Given a chunk of text for an exception report (as with .printStackTrace), attempts to piece together the same information provided by analyze-exception. The result is ready to pass to write-exception*.

This code does not attempt to recreate properties associated with the exceptions; in most exception’s cases, this is not necessarily written to the output. For clojure.lang.ExceptionInfo, it is hard to distinguish the message text from the printed exception map.

The options are used when processing the stack trace and may include the :filter and :frame-limit keys.

Returns a sequence of exception maps; the final map will include the :stack-trace key (a vector of stack trace element maps). The exception maps are ordered outermost to innermost (that final map is the root exception).

This should be considered experimental code; there are many cases where it may not work properly.

It will work quite poorly with exceptions whose message incorporates a nested exception’s .printStackTrace output. This happens too often with JDBC exceptions, for example.


(write-exception exception)(write-exception exception options)

Writes a formatted version of the exception to out. By default, includes the stack trace, with no frame limit.

The options map may have the following keys:

The stack frame filter, which defaults to *default-stack-frame-filter*.
If true (the default) then properties of exceptions will be output.
If non-nil, the number of stack frames to keep when outputing the stack trace of the deepest exception.

Output may be traditional or modern, as controlled by *traditional*. Traditional is the typical output order for Java: the stack of exceptions comes first (outermost to innermost) followed by the stack trace of the innermost exception, with the frames in deepest to shallowest order.

Modern output is more readable; the stack trace comes first and is reversed: shallowest frame to deepest. Then the exception stack is output, from the root exception to the outermost exception. The modern output order is more readable, as it puts the most useful information together at the bottom, so that it is not necessary to scroll back to see, for example, where the exception occurred.

The default is modern.

The stack frame filter is passed the map detailing each stack frame in the stack trace, must return one of the following values:

is the normal state; display the stack frame.
prevents the frame from being displayed, as if it never existed.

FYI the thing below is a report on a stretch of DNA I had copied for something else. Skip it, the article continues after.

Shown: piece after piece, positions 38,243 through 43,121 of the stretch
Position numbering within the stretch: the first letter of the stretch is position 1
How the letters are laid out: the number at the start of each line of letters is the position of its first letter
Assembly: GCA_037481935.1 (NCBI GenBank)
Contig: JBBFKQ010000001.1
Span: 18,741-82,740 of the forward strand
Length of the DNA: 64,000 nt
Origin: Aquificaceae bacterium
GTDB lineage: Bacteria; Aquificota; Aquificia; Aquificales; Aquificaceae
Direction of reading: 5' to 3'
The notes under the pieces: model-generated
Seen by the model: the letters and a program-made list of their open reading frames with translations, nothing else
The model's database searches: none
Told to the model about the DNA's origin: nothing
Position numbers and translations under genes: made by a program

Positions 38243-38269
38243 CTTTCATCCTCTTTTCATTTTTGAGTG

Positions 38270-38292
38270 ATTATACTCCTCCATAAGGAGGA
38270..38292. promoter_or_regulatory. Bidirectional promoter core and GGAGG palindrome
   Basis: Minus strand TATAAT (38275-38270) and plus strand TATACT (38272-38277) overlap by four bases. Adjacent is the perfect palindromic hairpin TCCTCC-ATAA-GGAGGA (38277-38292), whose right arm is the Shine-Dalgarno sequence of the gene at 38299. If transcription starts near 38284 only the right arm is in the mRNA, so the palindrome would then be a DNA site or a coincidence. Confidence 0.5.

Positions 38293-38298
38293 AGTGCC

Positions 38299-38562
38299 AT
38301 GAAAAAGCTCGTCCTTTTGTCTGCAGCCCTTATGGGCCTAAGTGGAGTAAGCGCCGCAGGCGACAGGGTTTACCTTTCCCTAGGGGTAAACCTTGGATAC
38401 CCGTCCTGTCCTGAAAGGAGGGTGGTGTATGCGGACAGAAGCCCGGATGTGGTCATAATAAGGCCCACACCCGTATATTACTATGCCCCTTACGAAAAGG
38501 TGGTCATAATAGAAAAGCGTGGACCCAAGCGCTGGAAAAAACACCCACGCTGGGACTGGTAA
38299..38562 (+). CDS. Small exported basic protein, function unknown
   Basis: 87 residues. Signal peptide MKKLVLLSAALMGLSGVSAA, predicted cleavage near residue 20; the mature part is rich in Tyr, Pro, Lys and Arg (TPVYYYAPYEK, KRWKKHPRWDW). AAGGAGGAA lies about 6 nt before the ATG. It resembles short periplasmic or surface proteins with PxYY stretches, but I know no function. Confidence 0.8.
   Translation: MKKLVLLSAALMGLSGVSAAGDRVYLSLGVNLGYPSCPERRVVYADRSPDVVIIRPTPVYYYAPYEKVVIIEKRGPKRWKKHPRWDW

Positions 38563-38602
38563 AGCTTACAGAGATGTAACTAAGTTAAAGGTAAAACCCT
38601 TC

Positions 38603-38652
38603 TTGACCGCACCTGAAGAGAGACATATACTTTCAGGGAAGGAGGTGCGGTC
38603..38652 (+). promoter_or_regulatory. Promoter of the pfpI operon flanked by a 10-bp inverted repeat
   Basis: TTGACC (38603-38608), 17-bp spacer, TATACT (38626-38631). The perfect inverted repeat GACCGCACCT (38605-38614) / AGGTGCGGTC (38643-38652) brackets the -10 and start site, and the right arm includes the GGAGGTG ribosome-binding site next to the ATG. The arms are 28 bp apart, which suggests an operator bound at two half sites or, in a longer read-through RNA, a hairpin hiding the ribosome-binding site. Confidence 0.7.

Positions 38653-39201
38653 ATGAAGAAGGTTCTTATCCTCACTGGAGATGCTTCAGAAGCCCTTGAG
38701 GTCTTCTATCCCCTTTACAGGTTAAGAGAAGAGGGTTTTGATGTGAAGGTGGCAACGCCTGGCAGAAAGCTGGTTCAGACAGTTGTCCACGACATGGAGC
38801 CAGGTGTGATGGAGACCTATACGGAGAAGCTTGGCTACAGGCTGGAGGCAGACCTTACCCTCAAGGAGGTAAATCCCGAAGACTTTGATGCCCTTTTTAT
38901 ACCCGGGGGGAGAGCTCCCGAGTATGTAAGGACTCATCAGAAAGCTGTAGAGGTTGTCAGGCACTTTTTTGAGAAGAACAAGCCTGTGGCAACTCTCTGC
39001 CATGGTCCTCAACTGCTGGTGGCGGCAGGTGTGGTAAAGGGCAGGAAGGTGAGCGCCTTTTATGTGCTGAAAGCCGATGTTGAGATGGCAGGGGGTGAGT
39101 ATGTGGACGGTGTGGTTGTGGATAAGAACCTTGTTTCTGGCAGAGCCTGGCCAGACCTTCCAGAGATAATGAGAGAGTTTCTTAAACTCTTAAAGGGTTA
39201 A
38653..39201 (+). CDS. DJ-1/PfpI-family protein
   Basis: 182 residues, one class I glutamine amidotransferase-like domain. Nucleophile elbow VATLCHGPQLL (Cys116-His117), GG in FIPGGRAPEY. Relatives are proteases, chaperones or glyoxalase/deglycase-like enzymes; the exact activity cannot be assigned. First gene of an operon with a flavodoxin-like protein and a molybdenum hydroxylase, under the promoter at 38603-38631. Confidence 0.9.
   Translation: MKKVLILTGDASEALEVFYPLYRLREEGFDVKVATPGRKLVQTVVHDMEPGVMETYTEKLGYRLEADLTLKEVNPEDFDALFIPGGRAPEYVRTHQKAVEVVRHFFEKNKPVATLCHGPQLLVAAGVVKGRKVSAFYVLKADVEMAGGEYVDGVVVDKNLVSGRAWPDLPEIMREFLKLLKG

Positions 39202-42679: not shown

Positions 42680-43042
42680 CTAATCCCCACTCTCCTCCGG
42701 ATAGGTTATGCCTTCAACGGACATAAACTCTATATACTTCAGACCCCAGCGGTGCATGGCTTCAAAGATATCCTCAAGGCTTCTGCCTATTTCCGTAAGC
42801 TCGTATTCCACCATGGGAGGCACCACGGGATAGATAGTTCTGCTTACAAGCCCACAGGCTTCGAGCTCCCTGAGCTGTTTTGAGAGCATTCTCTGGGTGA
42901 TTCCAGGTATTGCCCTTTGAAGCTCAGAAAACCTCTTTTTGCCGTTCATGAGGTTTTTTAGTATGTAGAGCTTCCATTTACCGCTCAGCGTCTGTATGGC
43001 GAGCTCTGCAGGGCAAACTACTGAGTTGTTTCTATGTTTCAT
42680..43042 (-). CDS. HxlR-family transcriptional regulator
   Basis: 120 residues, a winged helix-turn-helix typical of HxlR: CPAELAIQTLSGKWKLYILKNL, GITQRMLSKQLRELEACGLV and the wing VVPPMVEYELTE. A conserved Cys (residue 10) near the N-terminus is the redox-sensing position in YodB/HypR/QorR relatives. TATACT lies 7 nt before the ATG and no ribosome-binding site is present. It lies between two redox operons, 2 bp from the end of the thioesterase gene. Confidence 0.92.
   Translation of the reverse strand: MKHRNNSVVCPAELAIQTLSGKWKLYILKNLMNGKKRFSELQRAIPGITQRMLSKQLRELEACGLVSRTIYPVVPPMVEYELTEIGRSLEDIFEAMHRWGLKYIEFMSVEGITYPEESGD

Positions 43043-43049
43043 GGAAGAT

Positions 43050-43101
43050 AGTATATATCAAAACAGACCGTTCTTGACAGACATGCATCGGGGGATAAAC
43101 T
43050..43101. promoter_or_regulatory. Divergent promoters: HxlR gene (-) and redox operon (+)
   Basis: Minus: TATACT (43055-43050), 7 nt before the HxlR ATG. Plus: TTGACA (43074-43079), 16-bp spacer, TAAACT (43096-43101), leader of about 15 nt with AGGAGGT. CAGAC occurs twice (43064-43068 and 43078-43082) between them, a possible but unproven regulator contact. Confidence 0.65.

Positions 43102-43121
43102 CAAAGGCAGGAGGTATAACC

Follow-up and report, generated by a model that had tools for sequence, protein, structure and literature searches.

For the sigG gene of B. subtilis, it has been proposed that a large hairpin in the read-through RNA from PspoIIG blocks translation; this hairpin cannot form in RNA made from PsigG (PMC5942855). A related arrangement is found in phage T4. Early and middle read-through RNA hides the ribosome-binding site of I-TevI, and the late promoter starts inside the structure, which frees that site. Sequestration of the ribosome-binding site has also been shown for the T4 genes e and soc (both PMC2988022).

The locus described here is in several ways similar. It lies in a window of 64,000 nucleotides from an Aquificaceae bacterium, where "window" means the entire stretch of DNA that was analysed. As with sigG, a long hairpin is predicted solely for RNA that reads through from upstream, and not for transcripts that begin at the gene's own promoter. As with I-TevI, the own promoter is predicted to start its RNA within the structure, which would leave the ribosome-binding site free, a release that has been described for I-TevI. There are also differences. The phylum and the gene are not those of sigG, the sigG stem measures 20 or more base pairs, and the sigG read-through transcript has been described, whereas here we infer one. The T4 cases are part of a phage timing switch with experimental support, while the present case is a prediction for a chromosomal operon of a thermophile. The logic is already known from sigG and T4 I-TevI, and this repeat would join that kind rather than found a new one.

replaces the frame with a “…” placeholder; multiple consecutive :omits will be collapsed to a single line. Use :omit for “uninteresting” stack frames.
hides the frame AND all later frames.

The default filter is *default-frame-filter*. An explicit filter of nil will display all stack frames.

Repeating lines are collapsed to a single line, with a repeat count. Typically, this is the result of an endless loop that terminates with a StackOverflowException.

When set, the frame limit is the number of stack frames to display; if non-nil, then some of the outermost stack frames may be omitted. It may be set to 0 to omit the stack trace entirely (but still display the exception stack). The frame limit is applied after the frame filter (which may hide or omit frames) and after repeating stack frames have been identified and coallesced … :frame-limit is really the number of output lines to present.

Properties of exceptions will be output using Clojure’s pretty-printer, honoring all of the normal vars used to configure pretty-printing; however, if *print-length* is left as its default (nil), the print length will be set to 10. This is to ensure that infinite lists do not cause endless output or other exceptions.

The *fonts* var contains ANSI definitions for how fonts are displayed; bind it to nil to remove ANSI formatting entirely. It can be also initialized to nil instead of the default set of fonts by setting environment variable DISABLE_DEFAULT_PRETTY_FONTS to any value.


added in 0.1.21

(write-exception* exception-stack options)

Contains the main logic for write-exception, which simply expands the exception (via analyze-exception) before invoking this function.

This code was extracted so as to support parse-exception.